I tested positive for a gene mutation?

"You have tested positive for a BRCA2 gene mutation. .." Really? Are you sure? "Yes," the geneticist says, "...here are your results." You have a mutation in your DNA, "6503delTT."

Although I knew I may be positive for the BRCA genetic mutation, I convinced myself over the eight weeks I had to wait for the results, that I probably wasn't positive. It seemed so rare, but I had the family cancer history that warranted the testing.

WOW! A lot of things seemed to make sense all at that moment. That's why my great grandma, grandma and my mother all died in their 50s. I couldn't understand why my family seemed to have such bad luck. Was God picking on me? But now there was a reason, an explanation, an exact identifiable spot on chromosome 13 that was messed up. We all have that exact mutation, "6503delTT."

Do I cry? Did I cry? I can't remember. I remember being flooded with emotions. Angry, sad, confused, anxious... but mostly for me, I was worried what this would mean to my children. What would they do if they had to go through what I went through with my mother's ovarian cancer? Do they carry the gene? Did I give them a bad egg? 50/50 chance for each of them to also test positive. What do I do now?

At that time on August 1, 2013, I had a hard time finding reliable information that was unique to people carrying breast cancer gene mutations. There is plenty of information on breast cancer and ovarian cancer, but the statistics and treatments were so very different for me. There are many differences even between BRCA1+ and BRCA2+. I have subsequently become involved with Ambry Genetics to help develop a patient site for families affected by gene mutations. This website, www.hereditarycancer.com, offers a wealth of information to help you understand and research what your gene mutation can mean for you. There are many upcoming decisions to be made, and having all the necessary information to make an informed decision is critically important.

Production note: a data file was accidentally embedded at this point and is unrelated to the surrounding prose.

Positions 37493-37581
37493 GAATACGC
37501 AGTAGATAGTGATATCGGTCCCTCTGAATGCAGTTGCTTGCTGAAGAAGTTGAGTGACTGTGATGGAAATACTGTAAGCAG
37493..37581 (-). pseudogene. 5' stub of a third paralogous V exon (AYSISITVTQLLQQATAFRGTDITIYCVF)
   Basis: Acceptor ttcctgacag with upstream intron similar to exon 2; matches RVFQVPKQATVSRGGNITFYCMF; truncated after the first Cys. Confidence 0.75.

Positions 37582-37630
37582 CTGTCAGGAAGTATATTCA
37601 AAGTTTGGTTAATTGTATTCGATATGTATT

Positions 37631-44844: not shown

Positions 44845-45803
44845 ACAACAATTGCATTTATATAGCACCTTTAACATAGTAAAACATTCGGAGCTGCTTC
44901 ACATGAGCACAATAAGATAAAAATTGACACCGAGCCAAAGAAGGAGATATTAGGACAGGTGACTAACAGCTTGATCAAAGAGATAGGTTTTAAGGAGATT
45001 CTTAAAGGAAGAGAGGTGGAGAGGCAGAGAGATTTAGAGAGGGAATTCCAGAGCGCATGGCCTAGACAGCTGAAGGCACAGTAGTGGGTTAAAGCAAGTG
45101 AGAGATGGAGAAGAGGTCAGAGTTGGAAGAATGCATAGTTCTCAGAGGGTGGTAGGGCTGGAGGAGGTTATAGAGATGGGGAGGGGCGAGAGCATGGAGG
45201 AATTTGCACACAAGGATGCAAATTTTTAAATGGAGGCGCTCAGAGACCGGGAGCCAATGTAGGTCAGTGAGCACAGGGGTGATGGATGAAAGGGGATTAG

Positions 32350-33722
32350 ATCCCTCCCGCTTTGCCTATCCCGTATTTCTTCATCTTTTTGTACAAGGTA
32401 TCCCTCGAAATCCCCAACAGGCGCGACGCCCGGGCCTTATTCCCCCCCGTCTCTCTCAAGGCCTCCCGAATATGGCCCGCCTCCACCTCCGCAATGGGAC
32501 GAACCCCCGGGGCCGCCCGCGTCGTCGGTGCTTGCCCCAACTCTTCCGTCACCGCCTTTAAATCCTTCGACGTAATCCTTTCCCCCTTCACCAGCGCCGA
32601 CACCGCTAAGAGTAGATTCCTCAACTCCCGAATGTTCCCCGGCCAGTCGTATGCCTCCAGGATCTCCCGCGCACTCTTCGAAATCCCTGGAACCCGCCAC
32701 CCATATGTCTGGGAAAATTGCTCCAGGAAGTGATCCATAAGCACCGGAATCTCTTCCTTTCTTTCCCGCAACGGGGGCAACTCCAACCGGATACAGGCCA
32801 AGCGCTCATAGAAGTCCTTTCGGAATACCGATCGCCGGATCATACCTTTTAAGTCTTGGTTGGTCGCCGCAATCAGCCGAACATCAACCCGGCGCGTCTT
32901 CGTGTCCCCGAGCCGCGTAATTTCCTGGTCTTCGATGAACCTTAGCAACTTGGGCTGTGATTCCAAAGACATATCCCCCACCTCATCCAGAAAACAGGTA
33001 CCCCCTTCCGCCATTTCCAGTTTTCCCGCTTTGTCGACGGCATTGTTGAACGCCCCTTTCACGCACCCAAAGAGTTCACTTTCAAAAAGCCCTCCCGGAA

So now you take a deep breath, get a cup of tea or a latte, and slowly start navigating the site. This is a lot to take in mentally, emotionally and spiritually. You have to take your time and let it sink in. I would avoid general Internet searching for now - there is too much misinformation and irrelevant information to those of us with gene mutations. Information overload is not the best choice when you are first diagnosed. Hereditarycancer.com has everything you need to know about as you start your journey.

My emotions were all over the place. My advice? Just go with it. If you are sad, be sad. If you get angry, be pissed off! It is a process and really the only way to keep moving forward without stuffing everything inside. Let me say, "I'm sorry you have to go through this, I'm sorry your family has been dealing with its effects possibly for generations." It takes a toll on the entire family system. So after you have had some time to process... to cry, to be angry, to be sad... then we are going to move forward strong, proactive, and with a BRCA POSITIVE attitude! You can quite possibly have the power to change your destiny and change your entire family's futures. That is the blessing that comes from this knowledge.  


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